The 13th Warrior is an action/fantasy movie based on a Michael Crichton novel, and starring Antonio Banderas, Vladimir Kulich, Dennis Storhoi, and Omar Sharif. Reportedly Sharif was so disappointed with this movie that he retired from acting for a period after its release. I dunno, I didn't think it was that bad.
The movie follows the travels of Ahmed ibn Fahdlan (Banderas), an Arab courtier made ambassador to the savage northlands after he, liked, looked at a woman wrong. He and his mentor (Sharif) meet up with some Norseman, just before Bulyif (Kulich) becomes king. Ahmed gets roped into going with 12 other warriors, deeper into the northlands, to combat a terrifying race of monsters called the Wendol. They all have some personality, but the one that he bonds with is Herger (Storhoi).
Eventually, they find the monsters - actually a primitive race of people that live in caves. There are several bloody battles, but eventually the warriors tromp into said caves, kill the Wendol's "mother" (actually a young woman, because they filmed it with an old woman and it didn't test well), and then fall back to their encampment, where Bulyif, dying of poison from the woman's claw, manages to live long enough to kill their war-chief. Bad guys flee, movie ends with Fahdlan writing the story.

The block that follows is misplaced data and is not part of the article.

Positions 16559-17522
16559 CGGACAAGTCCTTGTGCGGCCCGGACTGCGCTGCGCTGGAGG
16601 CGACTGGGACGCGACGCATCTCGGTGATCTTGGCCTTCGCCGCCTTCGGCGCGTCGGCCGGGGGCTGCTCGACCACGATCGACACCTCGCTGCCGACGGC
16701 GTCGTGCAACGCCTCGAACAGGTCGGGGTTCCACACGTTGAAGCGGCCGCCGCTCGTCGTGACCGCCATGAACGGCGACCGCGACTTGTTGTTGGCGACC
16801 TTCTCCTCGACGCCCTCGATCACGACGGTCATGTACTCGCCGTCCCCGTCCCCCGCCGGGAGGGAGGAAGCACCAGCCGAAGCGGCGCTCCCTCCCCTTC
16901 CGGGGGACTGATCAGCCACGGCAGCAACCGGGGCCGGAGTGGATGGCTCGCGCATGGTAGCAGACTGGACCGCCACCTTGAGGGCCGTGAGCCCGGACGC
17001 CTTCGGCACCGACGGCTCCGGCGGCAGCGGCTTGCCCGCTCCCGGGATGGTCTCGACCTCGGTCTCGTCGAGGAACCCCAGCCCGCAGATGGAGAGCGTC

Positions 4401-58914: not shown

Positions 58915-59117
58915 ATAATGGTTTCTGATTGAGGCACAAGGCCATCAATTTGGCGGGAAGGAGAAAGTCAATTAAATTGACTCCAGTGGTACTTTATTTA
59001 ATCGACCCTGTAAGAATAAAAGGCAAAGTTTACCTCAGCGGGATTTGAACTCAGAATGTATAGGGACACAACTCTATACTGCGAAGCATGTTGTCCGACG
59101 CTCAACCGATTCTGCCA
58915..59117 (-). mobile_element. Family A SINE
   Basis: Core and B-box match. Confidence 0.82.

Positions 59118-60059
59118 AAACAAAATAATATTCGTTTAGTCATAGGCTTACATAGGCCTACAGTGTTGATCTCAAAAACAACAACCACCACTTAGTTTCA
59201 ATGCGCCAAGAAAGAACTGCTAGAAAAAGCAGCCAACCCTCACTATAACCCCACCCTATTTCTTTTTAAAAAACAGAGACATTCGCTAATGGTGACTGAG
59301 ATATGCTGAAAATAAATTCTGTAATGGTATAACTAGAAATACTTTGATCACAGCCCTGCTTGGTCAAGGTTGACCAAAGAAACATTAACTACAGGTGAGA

This movie was a huge flop, apparently. It was originally going to be released as Eaters of the Dead (after the title of the novel), but test audiences hated it, so Crichton got involved and rejiggered it, and then it was better, but it was still not especially well-reviewed. And I have to say, there are issues. It kind of plods along at this weird pace, the action scenes are OK but jumpy, and it completely wastes Sharif.
But that said: It does spend a little time addressing the language barrier and showing us Fahdlan learning the warriors' language. We do see some camaraderie born. There's no magic montage showing us Fahdlan becoming a warrior; he apparently has some training, but not with the huge heavy weapons that the warriors use. Oh, and, most importantly, he doesn't save them. Their king is the one that goes into the hole to kill the monsters, gets poisoned in the process, and then takes on the war chief. Fahdlan is the POV character and the narrator, but not the central figure. And he's Muslim, and keeps and practices his faith the whole way through. Now, he's played by a Spaniard, not an actual Arab actor, but you can't have everything, I guess (and at least he's not white).
Also, Michelle informs me that the Latin dialog actually parses fairly well, but I wouldn't know.
My Grade: B-
Rewatch value: Medium-low
Next up: The Dark Crystal